We need a break from politics. So, it’s our good fortune this month marks the 50th anniversary of perhaps the most remarkable film ever, producer/director Stanley Kubrick’s 2001: A Space Odyssey.
Even more than Gone with the Wind, it was the most revolutionary film. It was radically different from everything before it, and it influenced all film after it more than any other work. Yet, nothing made since 1968 is really like it, either.
It was technologically the most revolutionary film, especially because it necessarily used analog technologies to simulate (or predict?) the digital future. But more than that, it was intellectually, spiritually, culturally and esthetically distinct from everything else. It’s also the most audacious, presenting in four movements a cosmic story that begins on earth with The Dawn of Man and reaches out millions of years to Jupiter and Beyond the Infinite.
The first movement shows a group of hominids living on the African plains inspired by the sudden appearance in their den of a featureless large black monolith. It is ushered in to the stunning and portentous C-G-C opening chords of Richard Strauss’s Also Sprach Zarathustra. They discover tools, and then weapons. This allows them to prosper, but also to bring violence against their neighboring clan.
Perhaps the most memorable scene of 2001 – one of the most memorable scenes in all filmdom – is the transition from the first movement to the second, set in 2001. After routing their neighbors from their watering hole, with a growl the leader of the pack heaves his newly discovered tool/weapon – a large bone – into the air. As it tumbles, it becomes a future spaceship rotating through space to synchronize with the landing bay of an earth-orbital space wheel where it will dock.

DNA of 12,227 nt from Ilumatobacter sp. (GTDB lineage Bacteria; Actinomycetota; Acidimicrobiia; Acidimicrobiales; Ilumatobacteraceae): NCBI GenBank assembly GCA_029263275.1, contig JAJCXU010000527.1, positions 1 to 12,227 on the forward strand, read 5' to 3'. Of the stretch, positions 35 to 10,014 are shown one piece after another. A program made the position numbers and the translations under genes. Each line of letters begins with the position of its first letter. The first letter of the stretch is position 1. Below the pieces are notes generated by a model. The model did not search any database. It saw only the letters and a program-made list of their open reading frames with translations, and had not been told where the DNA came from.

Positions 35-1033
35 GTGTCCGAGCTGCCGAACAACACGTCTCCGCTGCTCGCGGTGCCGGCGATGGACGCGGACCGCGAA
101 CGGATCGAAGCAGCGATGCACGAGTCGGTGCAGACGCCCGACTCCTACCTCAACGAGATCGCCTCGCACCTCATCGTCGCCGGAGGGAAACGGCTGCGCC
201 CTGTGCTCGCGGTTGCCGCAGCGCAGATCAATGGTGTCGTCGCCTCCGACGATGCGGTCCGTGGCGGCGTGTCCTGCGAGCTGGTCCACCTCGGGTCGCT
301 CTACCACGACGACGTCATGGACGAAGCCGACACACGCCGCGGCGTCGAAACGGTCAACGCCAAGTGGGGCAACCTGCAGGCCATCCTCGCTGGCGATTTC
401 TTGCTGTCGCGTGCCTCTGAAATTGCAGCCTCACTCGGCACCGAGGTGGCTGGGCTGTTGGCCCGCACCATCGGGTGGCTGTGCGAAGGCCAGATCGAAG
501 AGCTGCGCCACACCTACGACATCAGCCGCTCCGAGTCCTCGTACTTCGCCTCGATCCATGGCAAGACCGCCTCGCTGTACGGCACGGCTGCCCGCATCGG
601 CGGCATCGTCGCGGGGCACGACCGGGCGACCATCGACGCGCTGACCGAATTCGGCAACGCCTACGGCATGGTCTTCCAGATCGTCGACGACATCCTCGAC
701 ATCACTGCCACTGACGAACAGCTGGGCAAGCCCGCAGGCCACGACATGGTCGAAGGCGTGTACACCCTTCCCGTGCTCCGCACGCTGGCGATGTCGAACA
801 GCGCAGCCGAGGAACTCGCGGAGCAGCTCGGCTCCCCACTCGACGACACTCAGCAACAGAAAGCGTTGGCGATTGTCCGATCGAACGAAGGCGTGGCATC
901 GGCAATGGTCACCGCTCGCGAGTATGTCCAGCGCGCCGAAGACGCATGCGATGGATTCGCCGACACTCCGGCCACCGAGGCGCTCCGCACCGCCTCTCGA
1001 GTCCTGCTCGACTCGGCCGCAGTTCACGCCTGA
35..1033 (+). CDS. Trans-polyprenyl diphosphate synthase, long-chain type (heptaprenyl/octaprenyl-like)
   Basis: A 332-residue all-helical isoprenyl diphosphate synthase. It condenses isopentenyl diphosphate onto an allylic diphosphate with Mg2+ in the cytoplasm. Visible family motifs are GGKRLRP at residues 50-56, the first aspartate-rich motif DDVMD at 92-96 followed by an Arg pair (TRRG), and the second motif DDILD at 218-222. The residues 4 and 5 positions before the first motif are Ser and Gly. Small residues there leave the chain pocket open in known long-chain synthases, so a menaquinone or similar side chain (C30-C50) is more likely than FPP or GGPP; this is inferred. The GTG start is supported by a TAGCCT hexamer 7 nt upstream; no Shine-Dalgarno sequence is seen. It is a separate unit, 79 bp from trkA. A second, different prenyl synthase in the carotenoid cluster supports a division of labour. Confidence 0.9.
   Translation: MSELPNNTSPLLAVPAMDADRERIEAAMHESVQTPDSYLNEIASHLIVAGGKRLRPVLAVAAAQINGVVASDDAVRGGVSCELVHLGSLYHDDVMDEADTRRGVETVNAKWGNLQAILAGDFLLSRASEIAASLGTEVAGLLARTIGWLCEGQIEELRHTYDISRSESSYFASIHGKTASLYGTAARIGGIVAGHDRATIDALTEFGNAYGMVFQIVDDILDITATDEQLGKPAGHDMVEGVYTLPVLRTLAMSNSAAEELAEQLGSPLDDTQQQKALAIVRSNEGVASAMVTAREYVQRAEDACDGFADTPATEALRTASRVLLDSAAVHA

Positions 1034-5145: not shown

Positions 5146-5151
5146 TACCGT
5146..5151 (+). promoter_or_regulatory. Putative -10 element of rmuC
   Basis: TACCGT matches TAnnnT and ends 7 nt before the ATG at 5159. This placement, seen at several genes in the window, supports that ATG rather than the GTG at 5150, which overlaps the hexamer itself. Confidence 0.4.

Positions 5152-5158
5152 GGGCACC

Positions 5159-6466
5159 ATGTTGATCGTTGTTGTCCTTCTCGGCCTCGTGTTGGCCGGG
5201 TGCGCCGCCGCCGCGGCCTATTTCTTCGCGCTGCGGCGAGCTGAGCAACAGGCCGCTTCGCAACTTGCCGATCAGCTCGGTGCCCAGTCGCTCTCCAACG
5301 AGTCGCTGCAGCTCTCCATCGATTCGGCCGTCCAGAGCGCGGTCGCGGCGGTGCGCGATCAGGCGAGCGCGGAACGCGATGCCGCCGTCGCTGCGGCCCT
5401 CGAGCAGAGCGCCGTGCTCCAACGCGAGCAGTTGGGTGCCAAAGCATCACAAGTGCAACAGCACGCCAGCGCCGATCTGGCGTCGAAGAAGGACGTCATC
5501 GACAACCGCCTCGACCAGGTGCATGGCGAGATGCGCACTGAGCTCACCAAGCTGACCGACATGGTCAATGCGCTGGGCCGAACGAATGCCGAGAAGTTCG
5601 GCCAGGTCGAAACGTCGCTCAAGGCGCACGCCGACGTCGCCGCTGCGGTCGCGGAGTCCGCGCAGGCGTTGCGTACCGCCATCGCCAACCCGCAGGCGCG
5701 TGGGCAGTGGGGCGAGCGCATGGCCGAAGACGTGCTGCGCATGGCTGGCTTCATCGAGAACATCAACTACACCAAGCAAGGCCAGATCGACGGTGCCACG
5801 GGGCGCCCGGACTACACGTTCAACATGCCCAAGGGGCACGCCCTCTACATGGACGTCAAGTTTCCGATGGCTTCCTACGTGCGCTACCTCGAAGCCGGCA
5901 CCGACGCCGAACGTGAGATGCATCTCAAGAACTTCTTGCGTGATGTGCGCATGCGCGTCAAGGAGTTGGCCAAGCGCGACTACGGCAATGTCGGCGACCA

The sheer visual beauty of this space waltz is matched by the elegant music of The Blue Danube, the masterpiece of Johann Strauss II. The first time one sees this scene, the most famous waltz becomes in fact The Space Waltz, transcending its Viennese roots.
By 2001, the monolith has become embedded in the moon, creating a scientific mystery for mankind by beaming a strong signal toward Jupiter. Pursuing this mystery, two astronauts and three others in hibernation embark 18 months later toward the Jovian planet, a voyage managed by the onboard HAL9000 computer, Hal.
Hal has been programmed to interact like a sixth human crew member, but as he proudly notes, the 9000 series has never distorted a single piece of data or otherwise faulted. Hal says that by any standard he (and the parallel 9000 unit back on earth) are foolproof and incapable of error.
Of course, this hubris sounds all too human, and Hal does make a key error, which is discovered by the two active crew. This causes Hal to go off the rails and kill all the crew, except Dave, who survives through human ingenuity and determination. The scene in which Dave penetrates Hal’s brain area and shuts it down is also one of the most memorable ever, as Hal says slowly: “I can feel it, Dave. My mind is going.”
Kubrick termed the film “experimental” and he rolled up huge cost overruns and production delays. It is also quiet, including no dialog in the first and last 20 minutes. Very enigmatic and non-verbal throughout much of its 142 minutes. The two main characters, Hal and the monolith, aren’t even human.
All this was too much for many in opening night audiences who walked out, and for most critics, who roundly panned it. But it got legs with young people, who saw it multiple times, and it became the box-office hit of the year.
Some people say the young folks were entranced by the psychedelic scene in which Dave begins the final descent to Jupiter. In any event, once there, he finds a remarkable world in which he repeatedly sees himself in the past and future, culminating in the lumpen old man peacefully in his death bed gazing at the monolith.
This is where the story pays off, not in a pat conclusion but in his metamorphosis into a human fetus gazing from space at the earth. The mystery, triumph and glory of rebirth.